And the dream has a pain in its heart the wonders of which are manifold, or so the story is told.
Written by Edward Taylor | Create an image from this poem

Dream On

 Some people go their whole lives
without ever writing a single poem.
Extraordinary people who don't hesitate to cut somebody's heart or skull open.
They go to baseball games with the greatest of ease.
and play a few rounds of golf as if it were nothing.
These same people stroll into a church as if that were a natural part of life.
Investing money is second nature to them.
They contribute to political campaigns that have absolutely no poetry in them and promise none for the future.
They sit around the dinner table at night and pretend as though nothing is missing.
Their children get caught shoplifting at the mall and no one admits that it is poetry they are missing.
The family dog howls all night, lonely and starving for more poetry in his life.
Why is it so difficult for them to see that, without poetry, their lives are effluvial.
Sure, they have their banquets, their celebrations, croquet, fox hunts, their sea shores and sunsets, their cocktails on the balcony, dog races, and all that kissing and hugging, and don't forget the good deeds, the charity work, nursing the baby squirrels all through the night, filling the birdfeeders all winter, helping the stranger change her tire.
Still, there's that disagreeable exhalation from decaying matter, subtle but everpresent.
They walk around erect like champions.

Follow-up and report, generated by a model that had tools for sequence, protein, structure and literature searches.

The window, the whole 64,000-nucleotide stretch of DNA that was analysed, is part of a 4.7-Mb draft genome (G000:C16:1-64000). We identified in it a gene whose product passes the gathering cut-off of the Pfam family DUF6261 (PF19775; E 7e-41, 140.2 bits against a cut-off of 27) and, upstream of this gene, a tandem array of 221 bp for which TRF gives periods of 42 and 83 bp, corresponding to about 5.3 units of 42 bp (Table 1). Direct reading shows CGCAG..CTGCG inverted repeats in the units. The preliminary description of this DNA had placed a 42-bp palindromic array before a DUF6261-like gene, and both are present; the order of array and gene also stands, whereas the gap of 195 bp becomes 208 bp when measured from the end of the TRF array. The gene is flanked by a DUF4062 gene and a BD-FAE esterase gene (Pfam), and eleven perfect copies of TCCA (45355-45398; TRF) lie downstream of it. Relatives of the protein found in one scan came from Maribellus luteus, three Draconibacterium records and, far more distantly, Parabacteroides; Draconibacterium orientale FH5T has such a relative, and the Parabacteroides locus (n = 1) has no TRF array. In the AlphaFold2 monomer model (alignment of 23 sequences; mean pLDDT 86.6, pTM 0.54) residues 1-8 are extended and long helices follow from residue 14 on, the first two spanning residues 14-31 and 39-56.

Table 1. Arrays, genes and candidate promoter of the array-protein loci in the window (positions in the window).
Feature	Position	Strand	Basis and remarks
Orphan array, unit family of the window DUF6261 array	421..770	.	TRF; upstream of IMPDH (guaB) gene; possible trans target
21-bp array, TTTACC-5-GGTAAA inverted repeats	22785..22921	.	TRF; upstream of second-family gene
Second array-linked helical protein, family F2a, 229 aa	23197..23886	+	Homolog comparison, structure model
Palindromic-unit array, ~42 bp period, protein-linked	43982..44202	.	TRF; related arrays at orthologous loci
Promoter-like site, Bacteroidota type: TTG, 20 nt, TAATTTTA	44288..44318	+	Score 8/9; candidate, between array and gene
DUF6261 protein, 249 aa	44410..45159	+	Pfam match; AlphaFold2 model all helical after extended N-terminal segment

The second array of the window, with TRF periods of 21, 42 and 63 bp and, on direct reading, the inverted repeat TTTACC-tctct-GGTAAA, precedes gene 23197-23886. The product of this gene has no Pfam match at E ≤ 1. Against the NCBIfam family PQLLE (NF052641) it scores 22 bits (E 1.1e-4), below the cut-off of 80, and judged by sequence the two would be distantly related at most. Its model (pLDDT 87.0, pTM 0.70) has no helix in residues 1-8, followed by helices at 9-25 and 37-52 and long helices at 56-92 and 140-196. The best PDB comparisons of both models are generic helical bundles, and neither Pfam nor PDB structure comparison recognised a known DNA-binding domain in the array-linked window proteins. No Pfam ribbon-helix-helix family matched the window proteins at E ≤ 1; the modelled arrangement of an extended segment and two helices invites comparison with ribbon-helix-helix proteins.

They are smooth-spoken and witty.
When alone, rare occasion, they stare into the mirror for hours, bewildered.
There was something they meant to say, but didn't: "And if we put the statue of the rhinoceros next to the tweezers, and walk around the room three times, learn to yodel, shave our heads, call our ancestors back from the dead--" poetrywise it's still a bust, bankrupt.
You haven't scribbled a syllable of it.
You're a nowhere man misfiring the very essence of your life, flustering nothing from nothing and back again.
The hereafter may not last all that long.
Radiant childhood sweetheart, secret code of everlasting joy and sorrow, fanciful pen strokes beneath the eyelids: all day, all night meditation, knot of hope, kernel of desire, pure ordinariness of life seeking, through poetry, a benediction or a bed to lie down on, to connect, reveal, explore, to imbue meaning on the day's extravagant labor.
And yet it's cruel to expect too much.
It's a rare species of bird that refuses to be categorized.
Its song is barely audible.
It is like a dragonfly in a dream-- here, then there, then here again, low-flying amber-wing darting upward then out of sight.
And the dream has a pain in its heart the wonders of which are manifold, or so the story is told.
Written by Robinson Jeffers | Create an image from this poem

Be Angry At The Sun

 That public men publish falsehoods
Is nothing new.
That America must accept Like the historical republics corruption and empire Has been known for years.